This is a review I wrote for Theatre People of a theatrical adaptation of the famous short story, ‘The Yellow Wallpaper’.
The Yellow Wallpaper is a new Perth production based on Charlotte Perkins Gilman’s gothic short story of the same name, adapted for stage by Silvia Lehmann and Teresa Izzard. This beautiful play gives a twisted physicality to the tale of a woman, Charlotte, who is struggling to cope after the birth of her first child. Her husband, a doctor, prescribes a ‘rest cure’ – a popular remedy for ‘hysterical tendencies’ in 1892. Stuck in the upstairs nursery with nothing but her imagination and the wallpaper, the woman desperately searches for an escape.
The role of Charlotte is shared between two actors – Jo Morris and Sarah Nelson. Morris is captivating as the ‘real’ Charlotte, the one still anchored in reality, while Nelson represents the part of Charlotte’s mind that she keeps hidden. From the very beginning of action, the two women are in perfect sync; they mirror each other’s movements around the stage in a way that is both fascinating and slightly unsettling. As Charlotte’s mental state deteriorates, the line separating the two women blurs, culminating in a breathtakingly disturbing choreography at the end.
Charlotte’s husband (Sean Walsh) orbits around the edge of the set. He sits to one side of the stage throughout the play, reading medical books in his winged armchair, an immediate symbol of nineteenth-century masculine authority. Walsh is perfect as the logic-minded doctor who treats his wife with fatherly condescension. The doctor ignores his wife’s pleas for help, insisting that she would get better if she would only practise some self-will. As infuriating as his character is, Walsh doesn’t let him descend into a monstrous figure; he makes him human, a man who is well-meaning but getting it completely wrong.
Though there are only three principals in The Yellow Wallpaper, I feel I should name a fourth: the wallpaper itself. Laura Heffernan’s brilliantly crafted set, complemented by clever lighting design from Karen Cook, gives the peeling yellow wallpaper a life of its own. The actors interact with the paper until it has a towering presence in The Blue Room’s small theatre; they stare into it, tear strips off it, and rub its dust onto their clothes. Silhouettes dance behind it and disembodied eyes blink through secret holes. It is delightfully creepy.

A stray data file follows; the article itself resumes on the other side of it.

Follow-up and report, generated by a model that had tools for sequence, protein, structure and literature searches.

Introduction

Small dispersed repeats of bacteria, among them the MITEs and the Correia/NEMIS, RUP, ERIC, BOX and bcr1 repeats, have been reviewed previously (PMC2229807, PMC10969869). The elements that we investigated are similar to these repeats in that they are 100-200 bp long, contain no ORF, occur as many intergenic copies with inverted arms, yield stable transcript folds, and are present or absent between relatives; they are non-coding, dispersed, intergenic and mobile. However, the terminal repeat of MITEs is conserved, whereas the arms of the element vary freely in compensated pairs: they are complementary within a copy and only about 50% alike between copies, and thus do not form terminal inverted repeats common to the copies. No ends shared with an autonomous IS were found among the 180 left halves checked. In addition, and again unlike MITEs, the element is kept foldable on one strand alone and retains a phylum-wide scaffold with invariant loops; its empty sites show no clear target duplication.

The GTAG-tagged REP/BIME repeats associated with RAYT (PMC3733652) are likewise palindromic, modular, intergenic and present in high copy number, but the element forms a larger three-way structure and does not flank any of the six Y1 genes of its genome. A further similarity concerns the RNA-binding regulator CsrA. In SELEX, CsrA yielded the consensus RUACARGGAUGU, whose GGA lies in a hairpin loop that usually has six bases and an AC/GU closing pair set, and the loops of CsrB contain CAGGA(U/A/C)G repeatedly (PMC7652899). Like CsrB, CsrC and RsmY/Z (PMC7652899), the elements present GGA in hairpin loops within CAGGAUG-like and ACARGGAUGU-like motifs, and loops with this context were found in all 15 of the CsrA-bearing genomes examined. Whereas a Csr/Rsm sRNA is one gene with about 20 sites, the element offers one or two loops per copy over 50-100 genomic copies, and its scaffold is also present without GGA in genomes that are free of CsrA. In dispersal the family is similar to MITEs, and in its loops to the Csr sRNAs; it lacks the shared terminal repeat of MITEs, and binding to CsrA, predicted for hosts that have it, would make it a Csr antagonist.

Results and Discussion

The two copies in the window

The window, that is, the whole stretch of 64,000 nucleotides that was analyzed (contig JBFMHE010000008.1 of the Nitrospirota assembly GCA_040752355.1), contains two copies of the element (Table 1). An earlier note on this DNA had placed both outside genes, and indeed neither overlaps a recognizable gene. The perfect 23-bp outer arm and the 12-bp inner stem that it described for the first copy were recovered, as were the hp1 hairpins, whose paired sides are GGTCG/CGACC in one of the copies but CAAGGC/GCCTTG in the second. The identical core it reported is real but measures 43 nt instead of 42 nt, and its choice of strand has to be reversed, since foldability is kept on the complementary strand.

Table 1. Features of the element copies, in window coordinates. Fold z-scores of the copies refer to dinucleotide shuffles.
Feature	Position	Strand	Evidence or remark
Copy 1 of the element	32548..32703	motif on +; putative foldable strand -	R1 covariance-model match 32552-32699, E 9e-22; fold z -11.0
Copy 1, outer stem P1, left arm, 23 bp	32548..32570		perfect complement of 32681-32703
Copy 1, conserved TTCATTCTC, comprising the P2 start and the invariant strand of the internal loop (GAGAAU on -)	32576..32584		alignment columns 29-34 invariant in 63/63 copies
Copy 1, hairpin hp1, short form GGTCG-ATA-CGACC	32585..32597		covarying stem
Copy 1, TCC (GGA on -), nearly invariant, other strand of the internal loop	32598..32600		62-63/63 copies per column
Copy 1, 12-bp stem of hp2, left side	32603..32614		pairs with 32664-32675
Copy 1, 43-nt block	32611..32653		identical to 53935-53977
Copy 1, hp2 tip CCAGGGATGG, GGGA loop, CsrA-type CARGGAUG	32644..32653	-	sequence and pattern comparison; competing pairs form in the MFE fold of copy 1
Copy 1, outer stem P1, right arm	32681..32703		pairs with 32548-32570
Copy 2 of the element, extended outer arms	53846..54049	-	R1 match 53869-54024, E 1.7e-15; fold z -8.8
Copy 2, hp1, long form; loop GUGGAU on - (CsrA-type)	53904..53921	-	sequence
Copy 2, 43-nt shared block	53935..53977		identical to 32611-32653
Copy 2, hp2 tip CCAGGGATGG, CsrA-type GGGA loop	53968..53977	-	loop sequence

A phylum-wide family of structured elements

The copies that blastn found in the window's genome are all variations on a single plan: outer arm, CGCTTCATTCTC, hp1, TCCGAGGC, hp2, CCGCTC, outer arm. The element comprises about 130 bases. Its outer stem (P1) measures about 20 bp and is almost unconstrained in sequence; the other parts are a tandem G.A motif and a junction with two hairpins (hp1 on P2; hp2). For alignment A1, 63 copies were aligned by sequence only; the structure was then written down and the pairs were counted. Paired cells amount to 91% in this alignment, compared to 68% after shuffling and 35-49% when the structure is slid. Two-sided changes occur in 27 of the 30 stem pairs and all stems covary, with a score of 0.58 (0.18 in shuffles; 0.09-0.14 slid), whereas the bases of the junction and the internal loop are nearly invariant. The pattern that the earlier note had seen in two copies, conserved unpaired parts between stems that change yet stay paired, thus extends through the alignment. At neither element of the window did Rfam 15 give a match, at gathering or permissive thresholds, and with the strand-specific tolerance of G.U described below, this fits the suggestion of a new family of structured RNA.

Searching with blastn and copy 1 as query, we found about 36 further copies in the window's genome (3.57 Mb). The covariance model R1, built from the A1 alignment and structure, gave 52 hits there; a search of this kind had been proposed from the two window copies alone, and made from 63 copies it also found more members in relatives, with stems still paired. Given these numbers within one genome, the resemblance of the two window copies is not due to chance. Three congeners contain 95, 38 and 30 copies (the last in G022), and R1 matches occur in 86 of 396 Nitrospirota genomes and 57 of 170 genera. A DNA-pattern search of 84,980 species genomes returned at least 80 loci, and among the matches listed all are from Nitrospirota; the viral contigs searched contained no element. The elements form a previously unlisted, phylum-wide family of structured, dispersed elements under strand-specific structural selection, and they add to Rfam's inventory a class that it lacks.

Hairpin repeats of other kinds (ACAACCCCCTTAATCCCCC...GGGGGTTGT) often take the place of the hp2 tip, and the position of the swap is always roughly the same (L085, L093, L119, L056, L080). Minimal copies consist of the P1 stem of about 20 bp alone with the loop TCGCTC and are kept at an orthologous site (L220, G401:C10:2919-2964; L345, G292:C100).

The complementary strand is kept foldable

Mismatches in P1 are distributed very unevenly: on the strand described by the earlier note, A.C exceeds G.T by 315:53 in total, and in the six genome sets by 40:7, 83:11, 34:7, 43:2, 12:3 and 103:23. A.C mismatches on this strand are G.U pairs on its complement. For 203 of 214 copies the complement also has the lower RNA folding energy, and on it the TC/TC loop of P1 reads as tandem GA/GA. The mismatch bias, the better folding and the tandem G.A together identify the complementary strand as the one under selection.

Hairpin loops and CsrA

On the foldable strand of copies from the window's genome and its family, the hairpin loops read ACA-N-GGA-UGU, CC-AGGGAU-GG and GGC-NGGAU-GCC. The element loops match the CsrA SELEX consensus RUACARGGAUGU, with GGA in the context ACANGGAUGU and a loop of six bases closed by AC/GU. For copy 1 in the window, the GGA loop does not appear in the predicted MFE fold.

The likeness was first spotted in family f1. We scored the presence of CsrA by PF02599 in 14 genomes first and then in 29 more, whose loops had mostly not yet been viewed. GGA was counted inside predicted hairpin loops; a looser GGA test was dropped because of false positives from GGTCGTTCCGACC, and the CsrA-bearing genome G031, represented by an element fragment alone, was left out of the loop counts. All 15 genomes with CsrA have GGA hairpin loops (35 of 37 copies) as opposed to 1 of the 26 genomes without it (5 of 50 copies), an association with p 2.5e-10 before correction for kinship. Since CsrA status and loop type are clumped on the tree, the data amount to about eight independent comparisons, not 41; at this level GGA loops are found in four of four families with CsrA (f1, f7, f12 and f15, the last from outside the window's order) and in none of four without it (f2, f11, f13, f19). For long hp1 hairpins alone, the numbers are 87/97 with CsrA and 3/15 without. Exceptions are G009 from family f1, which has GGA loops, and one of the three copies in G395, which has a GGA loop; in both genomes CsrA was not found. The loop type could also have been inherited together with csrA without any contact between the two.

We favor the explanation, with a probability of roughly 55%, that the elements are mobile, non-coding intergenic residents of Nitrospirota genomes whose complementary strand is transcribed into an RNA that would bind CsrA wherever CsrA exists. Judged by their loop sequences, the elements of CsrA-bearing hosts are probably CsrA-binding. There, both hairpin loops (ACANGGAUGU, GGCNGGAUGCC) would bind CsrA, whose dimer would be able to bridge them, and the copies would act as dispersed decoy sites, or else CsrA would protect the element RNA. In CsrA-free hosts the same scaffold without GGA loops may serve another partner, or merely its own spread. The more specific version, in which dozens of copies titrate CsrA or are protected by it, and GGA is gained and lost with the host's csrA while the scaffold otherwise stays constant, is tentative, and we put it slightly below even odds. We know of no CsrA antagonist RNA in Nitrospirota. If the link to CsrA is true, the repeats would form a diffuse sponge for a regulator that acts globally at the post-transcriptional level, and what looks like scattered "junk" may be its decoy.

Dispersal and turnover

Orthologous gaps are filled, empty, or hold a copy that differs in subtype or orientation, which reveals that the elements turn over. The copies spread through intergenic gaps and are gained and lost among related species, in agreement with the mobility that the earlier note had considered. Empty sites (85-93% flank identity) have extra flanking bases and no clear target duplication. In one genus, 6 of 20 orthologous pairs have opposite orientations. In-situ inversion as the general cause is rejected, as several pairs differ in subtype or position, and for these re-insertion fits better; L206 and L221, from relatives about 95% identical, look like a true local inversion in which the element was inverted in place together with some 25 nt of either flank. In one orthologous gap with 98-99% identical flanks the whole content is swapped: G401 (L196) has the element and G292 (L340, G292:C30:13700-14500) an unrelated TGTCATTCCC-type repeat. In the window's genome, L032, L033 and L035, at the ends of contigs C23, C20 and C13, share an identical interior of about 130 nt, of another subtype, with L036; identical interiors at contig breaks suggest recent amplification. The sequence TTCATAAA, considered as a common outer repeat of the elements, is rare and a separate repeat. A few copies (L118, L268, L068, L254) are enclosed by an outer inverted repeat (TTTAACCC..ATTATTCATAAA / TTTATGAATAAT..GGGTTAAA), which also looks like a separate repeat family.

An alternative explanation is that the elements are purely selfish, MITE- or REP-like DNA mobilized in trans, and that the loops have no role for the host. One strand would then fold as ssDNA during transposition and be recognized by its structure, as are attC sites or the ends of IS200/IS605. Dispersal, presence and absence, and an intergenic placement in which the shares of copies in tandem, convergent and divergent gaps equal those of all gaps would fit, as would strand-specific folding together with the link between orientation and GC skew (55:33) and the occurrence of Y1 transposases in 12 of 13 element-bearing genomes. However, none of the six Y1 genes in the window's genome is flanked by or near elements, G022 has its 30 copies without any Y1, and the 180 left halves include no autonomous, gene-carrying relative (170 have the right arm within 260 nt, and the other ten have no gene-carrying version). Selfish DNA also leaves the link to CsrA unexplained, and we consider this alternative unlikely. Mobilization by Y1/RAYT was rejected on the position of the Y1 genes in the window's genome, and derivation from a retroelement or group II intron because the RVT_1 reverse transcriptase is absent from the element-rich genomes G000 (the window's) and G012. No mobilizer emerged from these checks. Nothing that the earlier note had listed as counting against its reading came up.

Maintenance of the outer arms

Perkins Gilman’s original story was composed of a first-person narrator’s journal entries, and I was curious to see how Lehmann and Izzard would flesh out the parts of the story that were left unwritten. For instance, the woman is never named in the original text, but in the play her name becomes Charlotte, an evident nod to the author. Except for a couple of changes, the play keeps true to the brooding drama and moments of black humour that made The Yellow Wallpaper such an arresting tale. However, I thought one of the company’s interpretations of the story was a bit odd: as Charlotte deteriorates, so does her husband. Charlotte’s decline into madness would have had more impact if it had been contrasted by the husband’s stoic belief in reason. Instead he was reduced to a crawling, collapsing wreck, which seemed uncharacteristic. This, perhaps, was why the play did not reach a stronger climax at the end; I think the audience was waiting for a more violent conclusion to Charlotte’s condition.
Despite an uncertain finale, The Yellow Wallpaper is a truly stunning production by Perth physical theatre company Movementworks. And, with a relatively short running time and no intermission, it holds the audience’s tense attention from start to finish.
The Yellow Wallpaper is showing at The Blue Room until Saturday, 3rd September 2011.